Archive for August, 2010

Midwifery Colloquy

As the last eight months have progressed, wife and I have found ourselves in frequent contact with midwives (healthcare blessings in lilac blouses whose relative absence from America gives the UK a distinct advantage in pre- and post-natal care). Through the check-ups, scans, and birthing workshops (get with the program, America), we receive a massive amount of information, and occasionally an off-color remark. This entry is a tribute to those midwives who have let slip comments in our presence and never asked, “Why are you taking notes, sir?”

A string of favorites quotes came in a single day and from a single midwife during a course that helped prepare us for the birthing process and the post-natal period. In trying to help the soon-to-be-parents, the midwife fielded a question about the rate of increase in time between contractions. She began her response with, “Textbook rate, from a cervix point of view…” I did not hear the rest. Shortly after this, she encouraged those mothers who wanted to use the birthing pools which are available in most labor wards in the UK (can you hear me, America?). She encouraged the mothers to dress in what was most comfortable, or nothing, if they felt like it. If they want their spouses in the pool (nasty), however, the men must wear swim trunks because, “Midwives are used to seeing naked women, but we’re not so keen on naked men.” Eventually, she got beyond the items available to us during labor and spoke on the event itself. Her eyes glistened slightly as she looked around the room and told the wives, “When you start to push, you will feel like you are taking the largest poo of your life,” then reminded them at the end of the lecture on labor that you are “just pushing down into your body like you’re taking a big poo.” Ahhh, a veritable sonnet on the lips of a bard. Such skill it requires to punctuate one’s stanzas not with commas or ellipses, but with flecks of poo.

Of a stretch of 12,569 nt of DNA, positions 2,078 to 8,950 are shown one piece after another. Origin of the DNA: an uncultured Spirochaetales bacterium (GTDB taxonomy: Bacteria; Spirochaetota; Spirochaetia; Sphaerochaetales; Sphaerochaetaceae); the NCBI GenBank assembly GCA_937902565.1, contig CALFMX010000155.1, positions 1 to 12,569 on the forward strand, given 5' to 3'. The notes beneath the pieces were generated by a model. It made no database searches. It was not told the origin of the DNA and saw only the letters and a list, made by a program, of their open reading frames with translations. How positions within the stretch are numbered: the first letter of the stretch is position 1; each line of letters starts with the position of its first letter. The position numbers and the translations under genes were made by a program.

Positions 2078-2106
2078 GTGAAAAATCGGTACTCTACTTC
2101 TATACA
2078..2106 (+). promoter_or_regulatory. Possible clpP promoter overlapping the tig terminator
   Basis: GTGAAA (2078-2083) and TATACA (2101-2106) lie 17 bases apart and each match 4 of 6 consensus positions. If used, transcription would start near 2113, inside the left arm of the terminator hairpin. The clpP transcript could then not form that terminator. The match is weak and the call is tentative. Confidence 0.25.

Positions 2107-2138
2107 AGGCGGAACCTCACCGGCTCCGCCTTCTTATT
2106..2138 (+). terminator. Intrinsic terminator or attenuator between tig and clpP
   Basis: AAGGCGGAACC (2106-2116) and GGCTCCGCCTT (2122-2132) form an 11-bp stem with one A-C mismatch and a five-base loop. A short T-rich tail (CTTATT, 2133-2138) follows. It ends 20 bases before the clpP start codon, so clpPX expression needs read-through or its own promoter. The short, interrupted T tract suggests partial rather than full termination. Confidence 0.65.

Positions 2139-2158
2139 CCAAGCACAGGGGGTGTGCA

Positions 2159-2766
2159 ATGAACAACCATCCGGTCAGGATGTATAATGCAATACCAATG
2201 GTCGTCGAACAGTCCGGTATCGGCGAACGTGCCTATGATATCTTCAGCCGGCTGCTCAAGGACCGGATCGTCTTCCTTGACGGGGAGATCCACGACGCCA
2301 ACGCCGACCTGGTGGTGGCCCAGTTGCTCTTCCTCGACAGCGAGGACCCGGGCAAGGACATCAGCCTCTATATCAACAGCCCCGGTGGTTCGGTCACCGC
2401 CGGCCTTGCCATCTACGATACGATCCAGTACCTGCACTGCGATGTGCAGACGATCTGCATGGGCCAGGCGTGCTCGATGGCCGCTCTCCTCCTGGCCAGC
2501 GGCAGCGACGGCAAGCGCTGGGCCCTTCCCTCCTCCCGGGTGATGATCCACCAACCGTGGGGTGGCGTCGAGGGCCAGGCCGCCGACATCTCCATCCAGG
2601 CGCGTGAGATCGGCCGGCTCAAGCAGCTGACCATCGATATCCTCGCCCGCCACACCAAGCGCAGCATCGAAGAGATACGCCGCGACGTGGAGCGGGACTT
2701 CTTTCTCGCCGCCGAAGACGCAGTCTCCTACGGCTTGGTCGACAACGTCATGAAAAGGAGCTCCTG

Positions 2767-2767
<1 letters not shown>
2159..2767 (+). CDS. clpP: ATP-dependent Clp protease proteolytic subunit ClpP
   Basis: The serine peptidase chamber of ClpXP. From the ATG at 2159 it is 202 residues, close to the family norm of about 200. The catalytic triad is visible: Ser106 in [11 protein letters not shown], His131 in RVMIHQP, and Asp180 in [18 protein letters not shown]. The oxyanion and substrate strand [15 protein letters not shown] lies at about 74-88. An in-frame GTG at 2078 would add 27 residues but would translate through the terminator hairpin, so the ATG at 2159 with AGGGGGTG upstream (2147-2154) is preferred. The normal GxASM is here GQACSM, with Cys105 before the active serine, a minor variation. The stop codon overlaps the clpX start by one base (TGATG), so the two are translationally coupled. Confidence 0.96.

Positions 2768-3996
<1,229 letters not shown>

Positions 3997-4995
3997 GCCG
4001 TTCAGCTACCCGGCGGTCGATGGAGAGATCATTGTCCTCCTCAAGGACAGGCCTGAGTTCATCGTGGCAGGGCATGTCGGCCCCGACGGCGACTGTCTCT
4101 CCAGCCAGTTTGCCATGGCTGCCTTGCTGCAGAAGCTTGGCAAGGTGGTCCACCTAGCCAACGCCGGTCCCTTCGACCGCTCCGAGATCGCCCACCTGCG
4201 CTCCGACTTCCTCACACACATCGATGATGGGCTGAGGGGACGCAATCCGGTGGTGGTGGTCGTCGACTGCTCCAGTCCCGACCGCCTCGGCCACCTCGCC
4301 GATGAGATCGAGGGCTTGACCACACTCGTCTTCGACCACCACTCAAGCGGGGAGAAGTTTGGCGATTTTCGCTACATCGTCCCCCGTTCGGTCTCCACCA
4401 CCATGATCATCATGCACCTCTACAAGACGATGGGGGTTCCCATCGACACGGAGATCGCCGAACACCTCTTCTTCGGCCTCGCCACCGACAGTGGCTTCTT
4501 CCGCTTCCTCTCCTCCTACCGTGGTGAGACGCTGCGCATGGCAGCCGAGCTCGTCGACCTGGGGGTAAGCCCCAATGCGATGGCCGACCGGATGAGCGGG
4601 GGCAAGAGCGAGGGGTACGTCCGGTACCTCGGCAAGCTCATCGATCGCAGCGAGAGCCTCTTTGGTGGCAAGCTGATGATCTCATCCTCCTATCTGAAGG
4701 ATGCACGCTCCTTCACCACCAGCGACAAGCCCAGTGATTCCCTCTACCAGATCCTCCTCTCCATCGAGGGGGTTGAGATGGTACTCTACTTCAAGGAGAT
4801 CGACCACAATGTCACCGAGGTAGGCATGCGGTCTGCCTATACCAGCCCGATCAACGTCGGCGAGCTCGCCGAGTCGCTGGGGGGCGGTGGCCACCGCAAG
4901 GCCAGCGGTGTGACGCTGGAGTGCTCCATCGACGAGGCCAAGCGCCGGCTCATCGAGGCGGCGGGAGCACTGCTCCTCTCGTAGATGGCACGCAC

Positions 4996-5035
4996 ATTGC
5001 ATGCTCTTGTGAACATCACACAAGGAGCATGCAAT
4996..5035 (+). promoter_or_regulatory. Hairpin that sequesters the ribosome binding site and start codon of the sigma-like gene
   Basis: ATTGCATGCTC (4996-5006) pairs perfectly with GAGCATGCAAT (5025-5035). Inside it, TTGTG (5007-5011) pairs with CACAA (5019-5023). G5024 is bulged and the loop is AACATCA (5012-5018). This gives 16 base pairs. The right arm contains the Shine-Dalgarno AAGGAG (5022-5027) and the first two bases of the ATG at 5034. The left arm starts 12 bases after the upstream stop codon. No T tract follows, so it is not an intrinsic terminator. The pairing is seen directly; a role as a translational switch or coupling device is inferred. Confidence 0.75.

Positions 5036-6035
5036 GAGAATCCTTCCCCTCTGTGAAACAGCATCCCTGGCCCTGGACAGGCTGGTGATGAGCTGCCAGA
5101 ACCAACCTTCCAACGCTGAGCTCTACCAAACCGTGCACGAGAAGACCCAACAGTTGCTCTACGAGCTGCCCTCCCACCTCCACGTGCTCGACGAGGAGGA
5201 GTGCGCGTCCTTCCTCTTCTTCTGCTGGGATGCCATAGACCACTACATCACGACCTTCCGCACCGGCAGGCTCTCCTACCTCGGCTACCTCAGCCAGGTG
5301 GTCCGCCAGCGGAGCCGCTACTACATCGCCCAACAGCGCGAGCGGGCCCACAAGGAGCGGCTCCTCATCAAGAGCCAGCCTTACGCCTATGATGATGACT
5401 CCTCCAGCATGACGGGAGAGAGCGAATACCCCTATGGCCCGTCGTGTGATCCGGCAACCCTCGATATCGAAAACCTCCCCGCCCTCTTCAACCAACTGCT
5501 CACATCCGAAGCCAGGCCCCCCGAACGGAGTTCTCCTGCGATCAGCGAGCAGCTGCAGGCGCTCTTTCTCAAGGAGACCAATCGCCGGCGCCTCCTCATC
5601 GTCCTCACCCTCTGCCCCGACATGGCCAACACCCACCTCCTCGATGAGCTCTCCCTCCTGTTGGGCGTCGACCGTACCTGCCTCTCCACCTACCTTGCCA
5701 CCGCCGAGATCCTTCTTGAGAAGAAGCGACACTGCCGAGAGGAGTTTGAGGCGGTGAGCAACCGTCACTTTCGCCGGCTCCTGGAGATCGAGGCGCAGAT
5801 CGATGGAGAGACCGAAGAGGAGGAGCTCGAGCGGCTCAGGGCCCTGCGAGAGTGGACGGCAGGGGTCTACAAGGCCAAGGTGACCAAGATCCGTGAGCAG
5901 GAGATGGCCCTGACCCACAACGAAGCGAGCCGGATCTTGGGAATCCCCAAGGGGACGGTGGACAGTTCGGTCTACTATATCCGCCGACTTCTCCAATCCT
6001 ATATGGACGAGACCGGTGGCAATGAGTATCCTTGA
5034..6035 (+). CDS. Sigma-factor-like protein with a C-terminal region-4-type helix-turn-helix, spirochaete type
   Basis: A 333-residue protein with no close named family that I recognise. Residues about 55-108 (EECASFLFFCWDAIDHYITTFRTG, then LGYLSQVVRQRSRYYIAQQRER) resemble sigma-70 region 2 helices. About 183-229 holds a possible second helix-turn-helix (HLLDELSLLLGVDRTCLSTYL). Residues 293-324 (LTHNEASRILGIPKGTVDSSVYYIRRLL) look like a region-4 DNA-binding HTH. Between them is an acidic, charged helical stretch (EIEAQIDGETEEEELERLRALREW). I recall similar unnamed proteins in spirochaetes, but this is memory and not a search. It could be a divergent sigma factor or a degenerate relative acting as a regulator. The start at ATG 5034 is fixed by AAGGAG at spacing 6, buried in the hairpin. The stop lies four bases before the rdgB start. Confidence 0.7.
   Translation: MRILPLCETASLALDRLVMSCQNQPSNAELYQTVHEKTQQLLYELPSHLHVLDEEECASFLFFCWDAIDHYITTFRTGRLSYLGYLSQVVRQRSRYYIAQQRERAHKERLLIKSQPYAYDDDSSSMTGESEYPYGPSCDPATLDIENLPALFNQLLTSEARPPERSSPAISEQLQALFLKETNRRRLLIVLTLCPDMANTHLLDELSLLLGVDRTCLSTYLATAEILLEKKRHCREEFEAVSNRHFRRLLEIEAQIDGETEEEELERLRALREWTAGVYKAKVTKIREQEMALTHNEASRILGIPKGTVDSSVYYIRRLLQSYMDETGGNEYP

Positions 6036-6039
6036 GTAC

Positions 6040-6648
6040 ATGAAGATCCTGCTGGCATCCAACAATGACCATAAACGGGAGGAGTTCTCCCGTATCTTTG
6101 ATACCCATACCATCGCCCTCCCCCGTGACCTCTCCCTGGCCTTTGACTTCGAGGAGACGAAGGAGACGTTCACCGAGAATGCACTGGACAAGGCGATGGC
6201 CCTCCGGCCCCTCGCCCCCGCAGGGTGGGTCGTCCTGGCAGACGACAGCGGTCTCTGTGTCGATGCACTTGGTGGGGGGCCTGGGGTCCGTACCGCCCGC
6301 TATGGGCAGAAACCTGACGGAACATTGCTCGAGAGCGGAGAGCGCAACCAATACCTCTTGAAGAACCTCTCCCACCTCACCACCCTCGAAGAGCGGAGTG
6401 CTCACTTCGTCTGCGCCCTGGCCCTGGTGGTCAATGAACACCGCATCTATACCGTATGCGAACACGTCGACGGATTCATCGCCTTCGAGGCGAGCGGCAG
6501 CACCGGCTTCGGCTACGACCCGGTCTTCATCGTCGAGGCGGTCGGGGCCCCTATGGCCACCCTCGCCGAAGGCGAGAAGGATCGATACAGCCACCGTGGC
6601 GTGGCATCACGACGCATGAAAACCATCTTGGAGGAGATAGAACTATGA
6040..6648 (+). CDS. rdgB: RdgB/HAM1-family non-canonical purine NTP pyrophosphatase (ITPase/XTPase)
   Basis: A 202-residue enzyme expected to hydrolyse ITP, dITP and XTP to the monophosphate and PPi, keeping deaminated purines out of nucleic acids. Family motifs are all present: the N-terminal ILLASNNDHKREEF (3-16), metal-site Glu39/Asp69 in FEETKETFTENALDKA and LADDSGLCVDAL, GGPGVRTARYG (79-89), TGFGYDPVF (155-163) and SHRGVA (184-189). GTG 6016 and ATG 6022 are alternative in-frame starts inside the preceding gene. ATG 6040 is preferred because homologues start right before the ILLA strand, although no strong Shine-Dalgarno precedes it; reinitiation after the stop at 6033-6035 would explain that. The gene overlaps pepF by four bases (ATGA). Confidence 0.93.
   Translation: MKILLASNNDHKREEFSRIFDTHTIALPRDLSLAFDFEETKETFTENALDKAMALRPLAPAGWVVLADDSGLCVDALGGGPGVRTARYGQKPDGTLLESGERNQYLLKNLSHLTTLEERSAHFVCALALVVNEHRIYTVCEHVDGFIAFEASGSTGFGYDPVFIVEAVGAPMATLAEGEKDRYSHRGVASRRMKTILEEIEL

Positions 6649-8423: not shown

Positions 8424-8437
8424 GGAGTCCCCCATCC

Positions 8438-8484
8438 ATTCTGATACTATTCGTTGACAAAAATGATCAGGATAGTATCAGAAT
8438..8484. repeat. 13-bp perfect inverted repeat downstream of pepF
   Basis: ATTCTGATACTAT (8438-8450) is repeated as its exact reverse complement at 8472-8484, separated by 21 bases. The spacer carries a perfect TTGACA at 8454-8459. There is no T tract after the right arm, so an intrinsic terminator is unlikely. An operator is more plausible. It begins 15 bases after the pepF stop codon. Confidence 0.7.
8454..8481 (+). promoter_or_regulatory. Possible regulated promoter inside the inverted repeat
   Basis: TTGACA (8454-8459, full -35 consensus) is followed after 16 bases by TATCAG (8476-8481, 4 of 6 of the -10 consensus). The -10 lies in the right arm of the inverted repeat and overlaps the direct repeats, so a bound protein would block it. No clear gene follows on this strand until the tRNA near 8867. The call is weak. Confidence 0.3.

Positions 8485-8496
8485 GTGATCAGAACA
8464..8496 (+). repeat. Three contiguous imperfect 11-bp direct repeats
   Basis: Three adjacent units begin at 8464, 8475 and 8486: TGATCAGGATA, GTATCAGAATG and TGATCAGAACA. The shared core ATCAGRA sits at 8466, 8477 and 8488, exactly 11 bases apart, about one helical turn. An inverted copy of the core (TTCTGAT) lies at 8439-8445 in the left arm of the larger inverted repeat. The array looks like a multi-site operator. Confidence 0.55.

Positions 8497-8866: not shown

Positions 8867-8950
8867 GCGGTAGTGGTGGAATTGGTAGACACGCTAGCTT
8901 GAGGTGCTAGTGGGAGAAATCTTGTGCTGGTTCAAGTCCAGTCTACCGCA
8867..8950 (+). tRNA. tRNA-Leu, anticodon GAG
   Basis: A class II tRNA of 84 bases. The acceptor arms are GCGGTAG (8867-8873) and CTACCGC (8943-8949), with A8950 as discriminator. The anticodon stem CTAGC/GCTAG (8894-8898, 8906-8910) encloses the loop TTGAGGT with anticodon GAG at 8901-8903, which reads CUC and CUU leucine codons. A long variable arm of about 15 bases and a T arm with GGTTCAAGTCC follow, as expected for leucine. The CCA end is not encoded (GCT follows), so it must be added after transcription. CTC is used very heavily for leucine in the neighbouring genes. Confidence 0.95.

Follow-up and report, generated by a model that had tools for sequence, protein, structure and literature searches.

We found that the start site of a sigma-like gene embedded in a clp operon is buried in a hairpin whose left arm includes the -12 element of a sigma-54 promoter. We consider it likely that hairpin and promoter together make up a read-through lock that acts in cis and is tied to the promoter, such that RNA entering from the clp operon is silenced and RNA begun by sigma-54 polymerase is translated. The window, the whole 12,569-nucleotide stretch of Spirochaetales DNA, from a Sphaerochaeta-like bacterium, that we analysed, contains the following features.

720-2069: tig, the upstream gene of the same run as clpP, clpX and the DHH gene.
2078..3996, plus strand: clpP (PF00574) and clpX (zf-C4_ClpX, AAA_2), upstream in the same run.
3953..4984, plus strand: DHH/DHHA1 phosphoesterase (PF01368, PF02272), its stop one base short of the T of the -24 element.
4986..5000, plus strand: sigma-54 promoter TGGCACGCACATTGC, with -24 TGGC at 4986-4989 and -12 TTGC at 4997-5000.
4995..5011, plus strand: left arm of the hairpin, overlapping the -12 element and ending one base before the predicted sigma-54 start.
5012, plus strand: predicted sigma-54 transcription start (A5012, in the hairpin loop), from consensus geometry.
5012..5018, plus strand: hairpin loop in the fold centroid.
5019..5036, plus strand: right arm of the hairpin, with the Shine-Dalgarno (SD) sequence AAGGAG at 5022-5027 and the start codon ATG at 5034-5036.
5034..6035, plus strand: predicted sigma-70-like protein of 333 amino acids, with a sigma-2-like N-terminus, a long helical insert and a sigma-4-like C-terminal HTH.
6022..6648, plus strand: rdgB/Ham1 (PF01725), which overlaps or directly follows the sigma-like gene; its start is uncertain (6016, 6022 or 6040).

When she carried on into the information about actually caring for the baby, she made note of numerous foul, squirty, mucousy, and sticky qualities of this new person. Numerous items were novel to me, and I frequently caught myself grimacing in disgust. More often than not I only realized my expression when I looked around the room and saw all of the women nodding knowingly at our sensei. One of these (numerous) occasions resulted from our midwife’s description of the meconium poop that babies produce for the first few days of life. Apparently, it is a dark, sticky substance (that doesn’t smell!!) that gets all over the baby and can take some effort to remove (Wikipedia has a picture, in case you’re curious). She noted that dads are particularly sensitive to their baby boys being cleaned, and will cry out in horror, “Oooooh! How can you scrape his balls like that!” As she passed on from cleaning the baby, she encouraged us to have our hospital bag ready for the big day, and got very detailed in the process, not even realizing how it sounded when she said, “If you want to be really prepared, because I’m anally prepared…”

As the day drew to a close, she noted that mothers should do all they can to bring the labor on once the baby has reached term. “At 39 weeks [of pregnancy],” she exclaimed, “you should be eating hot curries, taking lots of walks, and having lots of sex. And if you do all three, you get a prize.” I just eyed her suspiciously, because I don’t believe she has any prizes. This suspicion was compounded by her frequent use of the word “squozen”as the past tense of “squeeze.”

She concluded it all with information on breastfeeding, noting that it would be difficult at first, but eventually things would just click. She cautioned, however, that if the baby is not on correctly this can lead to a great deal of soreness- soreness we cannot even imagine, because, to put it in her words, “I don’t want to get into anyone’s private life, but odds are you have never had that much suction on your nipples.” After wetting myself and several others, I gathered my belongings and made for the exit.

The comments above, though amusing, do not capture the awkwardness of another engagement with a midwife during an active birth workshop. She was attempting to demonstrate how a pregnant woman should sit on a birthing ball by actually having a pregnant woman sit on a birthing ball. A novice at it, she just could not get the posture that would please our midwife. “No, that’s still not correct… you’re back needs to hammock… No… stand up for a minute.” She then had her sit on the ball again. “No, you need to sit on your perineum… Wait… do you all know what your perineum is? It’s the place between your bum and your… um… front… between… um… it’s… the area between, you know… between your vagina and you bum.” The fact that a woman who delivers babies for a career had such a hard time saying vagina tickled me ever so much.

That’s all for now. Only four weeks lie between today and the due date. Unless something of great interest arises in the near future, the next time I write there will be another Talbert in the world.